MPs Call For Drastic Overhaul To Relax Vaping Laws

MPs Call For Drastic Overhaul To Relax Vaping Laws

POLITICANS in the UK have called on its government to actively support vaping to reduce death and disease from smoking, saying it is far less harmful than cigarettes.

MPs on the Commons Science and Technology Committee have published a report packed with facts, figures and recommendations to relax current vaping laws and make e-cigarettes more attractive to the British public.

The committee noted that about 2.9 million people in the UK are using e-cigarettes, including 470,000 who are trying to stop smoking and vaping could be key in helping the National Health Service (NHS) address the issue.

It also said pubs, employers and train operators should re-think blanket bans on e-cigarette use, with suggestions like vaping carriages on trains or on buses as a way of making it easier for users.

"Concerns that e-cigarettes could be a gateway to conventional smoking, including for young non-smokers, have not materialised," said Norman Lamb, who chairs the committee....E-cigarettes could be a key weapon in the NHS's stop-smoking arsenal".

The report acknowledged that further research is needed to investigate the risks associated with long-term use of e-cigarettes but it concluded that the balance of risk is heavily in favour of using them as nicotine delivery devices to encourage smokers to switch from conventional cigarettes, which currently kill about 79,000 people in England every year.

Most public and private organisations have currently extended bans on smoking in public places to e-cigarettes, despite them being exempt from "smoke-free" legislation and being significantly safer.

Instead vaping should be incentivized, MPs agreed, and dedicated vaping carriages on trains could be part of this.

"Many businesses, public transport providers and other public places do not allow e-cigarettes in the same way that they prohibit conventional smoking," the report said. "But, there is no public health” or fire safety ”rationale for treating the use of the two products the same."

Norman Lamb explained further to British newspaper The Independent: "It [vaping carriages] needs to be considered. I would have no problem with that.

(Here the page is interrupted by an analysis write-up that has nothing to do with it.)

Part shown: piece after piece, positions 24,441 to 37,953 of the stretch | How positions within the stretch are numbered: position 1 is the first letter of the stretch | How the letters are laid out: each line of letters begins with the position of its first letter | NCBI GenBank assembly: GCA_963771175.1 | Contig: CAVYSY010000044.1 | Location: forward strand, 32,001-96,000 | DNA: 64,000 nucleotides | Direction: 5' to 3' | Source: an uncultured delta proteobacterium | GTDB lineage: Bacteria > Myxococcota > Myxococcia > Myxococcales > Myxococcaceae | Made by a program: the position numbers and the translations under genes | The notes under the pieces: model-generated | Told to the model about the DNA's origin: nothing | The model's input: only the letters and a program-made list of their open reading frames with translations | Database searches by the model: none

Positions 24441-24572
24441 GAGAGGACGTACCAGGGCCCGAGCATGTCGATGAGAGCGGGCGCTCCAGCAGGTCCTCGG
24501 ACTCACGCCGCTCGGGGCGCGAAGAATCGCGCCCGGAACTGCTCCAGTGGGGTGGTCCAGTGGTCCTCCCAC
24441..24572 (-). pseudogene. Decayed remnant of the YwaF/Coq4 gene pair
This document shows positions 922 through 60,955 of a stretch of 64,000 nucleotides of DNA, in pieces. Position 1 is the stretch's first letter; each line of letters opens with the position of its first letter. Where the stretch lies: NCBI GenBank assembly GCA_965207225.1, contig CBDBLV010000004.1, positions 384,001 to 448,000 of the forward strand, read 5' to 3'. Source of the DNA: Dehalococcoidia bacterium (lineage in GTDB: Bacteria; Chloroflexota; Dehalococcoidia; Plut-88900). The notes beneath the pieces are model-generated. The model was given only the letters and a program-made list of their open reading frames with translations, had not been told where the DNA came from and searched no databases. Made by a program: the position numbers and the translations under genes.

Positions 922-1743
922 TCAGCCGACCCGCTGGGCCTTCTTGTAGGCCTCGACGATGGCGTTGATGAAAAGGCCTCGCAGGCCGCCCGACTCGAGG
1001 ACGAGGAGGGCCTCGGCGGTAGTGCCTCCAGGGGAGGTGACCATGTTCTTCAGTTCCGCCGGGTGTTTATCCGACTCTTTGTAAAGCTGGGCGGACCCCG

"I would choose as a preference to sit somewhere where there wasn't vaping but there is not the same public health argument to protect people from second-hand vape as there is for smoking."

At present e-cigarette consumers typically have to use the same outside space as conventional smokers, even though they may be trying to quit the habit.
John Donne, of the UK Vaping Industry, compared this practice to "putting an alcoholic in a bar".

The report is also critical of attitudes to e-cigarettes within the NHS. "Forty per cent of people with mental health issues still smoke," said Mr Lamb, a former health minister, "yet we found that scandalously one-third of NHS mental health trusts ban e-cigarettes within their facilities."

The committee found that even among health literate NHS trusts, two-thirds are concerned about the dangers of "second-hand e-cigarette vapour". This is preventing common sense policies to promote them to smokers, particularly among mental health patients, it highlighted further.

"These blanket bans, treating it in the same way and pushing vapers in to the same "sin bin" as smokers, is actually highly questionable in public health terms," Mr Lamb added.

"It makes it more difficult for people to give up smoking, it's less of an incentive and it pushes people back in to the company of smokers so it increases the risk of returning to cigarettes.

"Public places, public organisations and indeed private organisations need to think more carefully and base their policies on the evidence rather than an assumption that it's as dangerous as smoking."

Other regulatory overhauls the committee is telling the government should implement include:

  • Removing upper limits on the nicotine strength of vape fluids, as these dissuade heavy smokers, who stand to benefit most from switching, as it is hard to get the same hit from each puff;
  • Making it easier to license e-cigarettes as medical products so more people see them as quitting aids;
  • Relaxing strict advertising rules to allow health benefits relative to smoking to be promoted;
  • Ensuring taxation continues to reflect relative risks, with e-cigarettes being the cheapest products, conventional tobacco products the most expensive. It adds "heat not burn" products, heavily marketed by tobacco companies, should "fall somewhere in between".

Experts have welcomed the recommendations, saying that although the suggestions may seem "radical" the evidence backs the drastic action needed to cut the risk of cancer deaths.

Shirley Cramer, chief executive of the Royal College of Public Health, said speeding up licensing of e-cigarettes as medicines "potentially opens the door to thousands more smokers who would otherwise not consider vaping as a means of quitting".

"We would emphasise to any smoker considering switching that not only is vaping a far safer alternative, it is also likely to be much more affordable," she added.

Professor Linda Bauld from the University of Stirling said: "Its recommendations are not likely to be popular with all, and some of them may be difficult or complex to implement. But government, regulators and service providers should take note."

The committee has now recommended a transparent long-term research programme to investigate the risk of the increasingly wide range of e-cigarettes and other nicotine-based non-smoking products, with findings being made public annually and via an online hub.

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